5 Tips for Snowshoe Hunting

Hunting snowshoe hares can be an exhilarating and fun-filled experience that keeps you busy through an entire hunting session. However, if you’re not properly prepared and don’t know what to bring or look for, you might find yourself heading home disappointed by a lack of action and results. Fortunately, many other hunters have gone before you, so figuring out the best snowshoe hunting methods won’t be like blazing a trail into the unknown. With a bit of research, the 5 tips below, and a few snowshoe hunting trips under your belt, you’ll be out there racking up hare’s like a pro in no time.

1. Use an AR-15

You might be thinking: “Isn’t an AR-15 overkill for a hare?” Well, it can be if you’re using larger caliber bullets or an extended barrel, but standard .223 ammo is powerful enough to almost guarantee a kill with most shots, yet not so big that it will blow the animal to shreds completely. Some hunters prefer shotguns for sheer power and the ability to spray an area before the hare hops and dodges, while others swear by the quiet, low-recoil accuracy of .22 caliber rifles. An AR-15 provides an ideal balance of power, accuracy, and speed, making it possible to land clean and effective shots consistently. Plus, you can even customize an AR to shoot .22LR or any other caliber using accessories found at Max Blagg.

2. Wait Until the Sun Comes Out

Although rabbit hunting is typically started during predawn, most hunters tend to wait until the sun has come out when snowshoe hunting in the winter. This type of hare tends to wait until the warmth has had a chance to soften the snow before they really start moving around. Since they’re easy to spot when they’re moving, just after dawn is the best time to hunt for them.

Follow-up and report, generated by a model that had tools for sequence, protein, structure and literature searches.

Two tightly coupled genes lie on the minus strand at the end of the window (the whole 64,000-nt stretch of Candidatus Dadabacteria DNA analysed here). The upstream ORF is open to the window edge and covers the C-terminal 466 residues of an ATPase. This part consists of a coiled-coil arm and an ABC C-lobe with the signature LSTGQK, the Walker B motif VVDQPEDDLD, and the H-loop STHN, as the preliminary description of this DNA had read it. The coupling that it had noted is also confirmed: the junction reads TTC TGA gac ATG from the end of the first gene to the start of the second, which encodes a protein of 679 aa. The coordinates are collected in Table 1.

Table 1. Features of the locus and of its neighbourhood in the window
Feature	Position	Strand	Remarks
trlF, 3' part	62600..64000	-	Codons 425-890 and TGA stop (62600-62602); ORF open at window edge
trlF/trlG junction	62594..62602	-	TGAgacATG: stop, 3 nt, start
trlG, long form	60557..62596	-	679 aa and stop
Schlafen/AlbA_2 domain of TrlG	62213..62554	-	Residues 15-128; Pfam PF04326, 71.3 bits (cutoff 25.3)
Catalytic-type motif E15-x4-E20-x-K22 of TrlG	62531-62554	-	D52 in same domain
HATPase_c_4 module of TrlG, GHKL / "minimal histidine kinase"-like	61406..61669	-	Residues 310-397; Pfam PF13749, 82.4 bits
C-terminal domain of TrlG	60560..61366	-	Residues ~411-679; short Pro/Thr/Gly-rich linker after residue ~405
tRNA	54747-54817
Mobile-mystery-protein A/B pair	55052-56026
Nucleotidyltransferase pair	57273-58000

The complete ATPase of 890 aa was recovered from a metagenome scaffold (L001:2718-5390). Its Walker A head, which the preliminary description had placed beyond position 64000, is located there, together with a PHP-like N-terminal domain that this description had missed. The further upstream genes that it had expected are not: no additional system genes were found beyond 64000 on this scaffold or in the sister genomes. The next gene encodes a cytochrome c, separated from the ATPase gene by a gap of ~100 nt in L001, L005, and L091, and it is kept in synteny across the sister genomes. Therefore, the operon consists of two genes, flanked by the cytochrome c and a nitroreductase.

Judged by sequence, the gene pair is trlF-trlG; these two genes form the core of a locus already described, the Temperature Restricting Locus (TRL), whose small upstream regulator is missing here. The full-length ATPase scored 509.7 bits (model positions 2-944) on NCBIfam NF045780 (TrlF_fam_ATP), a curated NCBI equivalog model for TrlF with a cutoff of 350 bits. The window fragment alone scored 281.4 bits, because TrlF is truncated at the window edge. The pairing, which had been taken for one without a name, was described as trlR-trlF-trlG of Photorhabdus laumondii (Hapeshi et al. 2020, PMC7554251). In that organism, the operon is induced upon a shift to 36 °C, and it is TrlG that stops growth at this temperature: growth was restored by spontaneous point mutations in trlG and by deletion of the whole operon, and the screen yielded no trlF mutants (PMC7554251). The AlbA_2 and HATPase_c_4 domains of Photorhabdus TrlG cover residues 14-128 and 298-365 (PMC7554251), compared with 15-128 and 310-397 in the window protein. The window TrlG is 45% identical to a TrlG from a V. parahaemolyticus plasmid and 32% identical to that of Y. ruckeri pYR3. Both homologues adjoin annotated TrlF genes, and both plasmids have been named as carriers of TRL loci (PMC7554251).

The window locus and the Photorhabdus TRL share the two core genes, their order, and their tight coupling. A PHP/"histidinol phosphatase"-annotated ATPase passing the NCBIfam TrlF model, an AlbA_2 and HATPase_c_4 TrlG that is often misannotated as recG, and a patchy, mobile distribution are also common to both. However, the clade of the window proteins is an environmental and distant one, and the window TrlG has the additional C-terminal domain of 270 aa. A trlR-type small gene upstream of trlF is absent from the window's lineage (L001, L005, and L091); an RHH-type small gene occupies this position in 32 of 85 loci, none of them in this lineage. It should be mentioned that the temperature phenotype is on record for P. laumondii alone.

3. Wear Snowshoes

As you probably know, snowshoe hares get their name from their huge snowshoe-like feet that let them pounce around in the snow with ease. Therefore, it would be downright foolish to get out there chasing that animal around in the snow with regular boots on your feet. Although “still hunting” – waiting in a single spot until you spot an animal – is a good technique for snowshoe hunting, you’ll inevitably have to move from spot to spot, so to keep yourself from wasting time and sliding around like a big dummy, it’s best to bring snowshoes.

4. Bring a Hunting Dog

Snowshoe hares are small and fast with coats that camouflage into the snow, so not only are they difficult to track down and kill, but after that it can be tough to find and retrieve them without a hunting dog. Traditionally beagles are considered the best kind of hunting dog for any kind of hare hunting.

5. Move Slowly and Look for the Eyes

Finally, one of the best ways to spot snowshoe hares is to take very slow and gentle steps to avoid alarming the animals while searching for their eyes. Why the eyes you ask? Well, because their beady black eyeballs contrast against their fur and look like shiny marbles in the distance. Thus, finding their eyes first is the most popular technique for defeating their natural camo.

Finding the Right Spots

In closing, if you’re looking for the snowshoe hare in the wrong places then it won’t matter what tips you’re following or what gun you’re using. Do your research to find the best hare hunting spots in your region before heading out for the hunt and you’ll be glad you did.

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